It might involve reconsidering the institutional structures that have allowed us to get to this point: Ukrainian scholars are convincingly making the argument that hierarchies of knowledge that are enshrined in the academy have consequences far beyond the ivory tower. In a discussion forum hosted by Slavic Review, Volodymyr Kulyk calls for the international scholarly community to “take this tragic opportunity to reconsider its priorities to make them adequate to understanding the causes of the present disaster and suggest ways to overcome its consequences and prevent its repetition.” In the same forum, Andrii Portnov writes (together with Tetiana Portnova) of the need for a “paradigm shift” as well as “a serious conversation about the responsibility of our discipline for the terrible events that we have all witnessed and participated in.” This entails acknowledging “the intellectual counterproductivity of the reduction of Ukrainian [history] to the nationalist aspect of its intellectual and political history.”
As Ukrainians are dying, as the war goes on, it might not at first glance seem like the time to have these discussions. But in fact, there has never been a more urgent moment to have them. As Timothy Snyder observed in his recent conversation with Serhii Plokhii at the IWM, every day that Ukrainians fight is a gift to us: a gift of time to reflect on our values, to decide to act differently. Listening to them, hearing their experiences, taking seriously their insights—not only about Ukraine but about the world more broadly—is essential. It will help us all see the world more clearly, now and in the long run.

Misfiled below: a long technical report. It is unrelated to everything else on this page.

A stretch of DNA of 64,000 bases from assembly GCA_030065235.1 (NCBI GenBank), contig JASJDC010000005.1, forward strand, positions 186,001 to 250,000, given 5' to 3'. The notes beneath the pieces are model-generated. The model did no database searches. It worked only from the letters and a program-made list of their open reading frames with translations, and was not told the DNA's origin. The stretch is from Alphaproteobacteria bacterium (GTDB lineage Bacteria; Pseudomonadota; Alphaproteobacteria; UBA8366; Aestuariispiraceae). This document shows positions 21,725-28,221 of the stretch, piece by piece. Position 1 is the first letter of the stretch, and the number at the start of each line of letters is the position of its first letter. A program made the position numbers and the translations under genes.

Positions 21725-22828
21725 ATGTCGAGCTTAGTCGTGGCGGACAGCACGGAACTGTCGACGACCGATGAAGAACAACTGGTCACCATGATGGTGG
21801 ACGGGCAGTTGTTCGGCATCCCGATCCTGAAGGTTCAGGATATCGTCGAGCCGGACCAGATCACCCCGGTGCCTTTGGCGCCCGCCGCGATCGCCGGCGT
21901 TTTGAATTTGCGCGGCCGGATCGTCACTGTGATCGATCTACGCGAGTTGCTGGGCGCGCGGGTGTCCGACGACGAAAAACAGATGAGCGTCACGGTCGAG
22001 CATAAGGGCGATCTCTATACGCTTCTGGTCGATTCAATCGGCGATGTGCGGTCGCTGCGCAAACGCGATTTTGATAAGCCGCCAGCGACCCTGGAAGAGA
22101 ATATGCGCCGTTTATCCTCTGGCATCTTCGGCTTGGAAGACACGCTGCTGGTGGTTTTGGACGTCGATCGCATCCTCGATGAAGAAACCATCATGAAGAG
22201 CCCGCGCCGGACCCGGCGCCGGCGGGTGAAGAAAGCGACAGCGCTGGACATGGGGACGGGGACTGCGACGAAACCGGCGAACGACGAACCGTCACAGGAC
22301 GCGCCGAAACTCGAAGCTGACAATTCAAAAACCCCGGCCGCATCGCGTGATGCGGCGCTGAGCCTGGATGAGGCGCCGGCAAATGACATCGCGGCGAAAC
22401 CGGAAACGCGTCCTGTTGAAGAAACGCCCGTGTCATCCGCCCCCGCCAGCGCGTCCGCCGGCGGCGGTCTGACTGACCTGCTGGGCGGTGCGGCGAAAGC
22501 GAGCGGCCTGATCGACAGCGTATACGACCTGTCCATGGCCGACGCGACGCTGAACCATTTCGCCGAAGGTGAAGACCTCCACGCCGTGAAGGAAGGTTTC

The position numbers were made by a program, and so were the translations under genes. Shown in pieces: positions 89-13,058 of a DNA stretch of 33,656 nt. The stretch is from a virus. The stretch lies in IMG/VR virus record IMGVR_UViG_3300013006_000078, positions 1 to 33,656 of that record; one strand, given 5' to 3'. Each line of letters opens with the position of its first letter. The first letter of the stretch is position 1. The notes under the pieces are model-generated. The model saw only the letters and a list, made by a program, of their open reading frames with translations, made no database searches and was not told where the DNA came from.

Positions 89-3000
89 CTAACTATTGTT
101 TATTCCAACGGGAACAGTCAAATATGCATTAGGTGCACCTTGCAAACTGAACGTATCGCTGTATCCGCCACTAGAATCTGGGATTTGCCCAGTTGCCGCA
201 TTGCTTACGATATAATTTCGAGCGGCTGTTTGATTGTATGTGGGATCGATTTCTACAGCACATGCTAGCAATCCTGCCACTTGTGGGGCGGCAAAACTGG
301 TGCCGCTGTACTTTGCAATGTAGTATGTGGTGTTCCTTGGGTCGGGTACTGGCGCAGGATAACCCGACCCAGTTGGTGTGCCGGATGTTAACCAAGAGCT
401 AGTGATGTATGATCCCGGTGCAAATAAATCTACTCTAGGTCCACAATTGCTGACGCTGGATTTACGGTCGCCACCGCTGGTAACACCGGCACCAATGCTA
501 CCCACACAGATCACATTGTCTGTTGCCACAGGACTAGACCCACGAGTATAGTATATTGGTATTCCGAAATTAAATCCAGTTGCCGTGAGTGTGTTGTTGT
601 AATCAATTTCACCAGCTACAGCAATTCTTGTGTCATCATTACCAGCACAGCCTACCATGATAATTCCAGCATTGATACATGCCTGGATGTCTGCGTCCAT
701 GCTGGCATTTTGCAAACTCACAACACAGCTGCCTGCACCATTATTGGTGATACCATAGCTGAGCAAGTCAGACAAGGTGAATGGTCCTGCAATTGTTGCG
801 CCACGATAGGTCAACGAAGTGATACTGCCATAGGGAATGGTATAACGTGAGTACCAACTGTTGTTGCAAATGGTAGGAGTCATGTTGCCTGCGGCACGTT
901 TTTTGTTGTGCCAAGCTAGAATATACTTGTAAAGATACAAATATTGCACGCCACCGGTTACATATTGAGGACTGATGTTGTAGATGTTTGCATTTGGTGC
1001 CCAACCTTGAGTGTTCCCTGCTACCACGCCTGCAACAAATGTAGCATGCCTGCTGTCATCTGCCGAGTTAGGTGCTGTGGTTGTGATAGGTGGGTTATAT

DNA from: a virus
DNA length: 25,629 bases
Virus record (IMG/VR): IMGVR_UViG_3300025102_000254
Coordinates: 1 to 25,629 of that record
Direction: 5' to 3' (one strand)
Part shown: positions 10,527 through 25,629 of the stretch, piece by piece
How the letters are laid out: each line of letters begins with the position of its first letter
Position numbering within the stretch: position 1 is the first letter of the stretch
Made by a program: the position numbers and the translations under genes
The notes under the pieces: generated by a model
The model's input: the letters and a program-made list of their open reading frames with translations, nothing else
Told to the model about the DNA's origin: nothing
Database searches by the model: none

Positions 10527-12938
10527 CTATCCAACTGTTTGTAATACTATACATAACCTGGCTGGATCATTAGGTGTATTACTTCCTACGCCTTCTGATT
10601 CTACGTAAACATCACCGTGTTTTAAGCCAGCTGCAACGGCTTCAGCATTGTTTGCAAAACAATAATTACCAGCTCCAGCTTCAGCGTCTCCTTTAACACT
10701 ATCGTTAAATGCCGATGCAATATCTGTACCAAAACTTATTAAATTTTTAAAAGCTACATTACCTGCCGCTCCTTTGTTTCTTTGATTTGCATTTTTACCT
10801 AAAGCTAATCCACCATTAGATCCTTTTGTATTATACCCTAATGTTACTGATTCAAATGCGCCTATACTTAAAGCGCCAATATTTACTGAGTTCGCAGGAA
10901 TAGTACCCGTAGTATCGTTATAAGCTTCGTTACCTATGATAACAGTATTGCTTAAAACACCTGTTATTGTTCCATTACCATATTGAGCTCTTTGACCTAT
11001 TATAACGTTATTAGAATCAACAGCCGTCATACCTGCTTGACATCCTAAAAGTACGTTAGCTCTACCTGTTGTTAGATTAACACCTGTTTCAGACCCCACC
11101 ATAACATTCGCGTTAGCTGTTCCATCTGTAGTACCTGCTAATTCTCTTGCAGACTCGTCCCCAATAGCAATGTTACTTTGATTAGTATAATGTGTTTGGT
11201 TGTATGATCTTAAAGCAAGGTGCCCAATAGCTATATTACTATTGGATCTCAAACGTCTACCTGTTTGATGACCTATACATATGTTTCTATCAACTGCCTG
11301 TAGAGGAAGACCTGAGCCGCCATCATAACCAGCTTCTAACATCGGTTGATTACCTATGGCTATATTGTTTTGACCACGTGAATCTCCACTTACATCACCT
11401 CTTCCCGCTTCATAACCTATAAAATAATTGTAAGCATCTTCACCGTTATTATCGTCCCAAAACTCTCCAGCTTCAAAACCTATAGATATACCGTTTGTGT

Read: Marci Shore’s The Ukrainian Night, an account of the Maidan and the war in the Donbas that explores the existential questions and choices that faced Ukrainians in 2013-2014 and are still felt today, is currently available in a free e-book edition.
Watch: The staff of the Dovzhenko Center suggest 20 films that shed light on Ukrainian society since 1991, including several documentaries on the Maidan analyzed by Yustyna Kravchuk in a 2016 essay for Eurozine.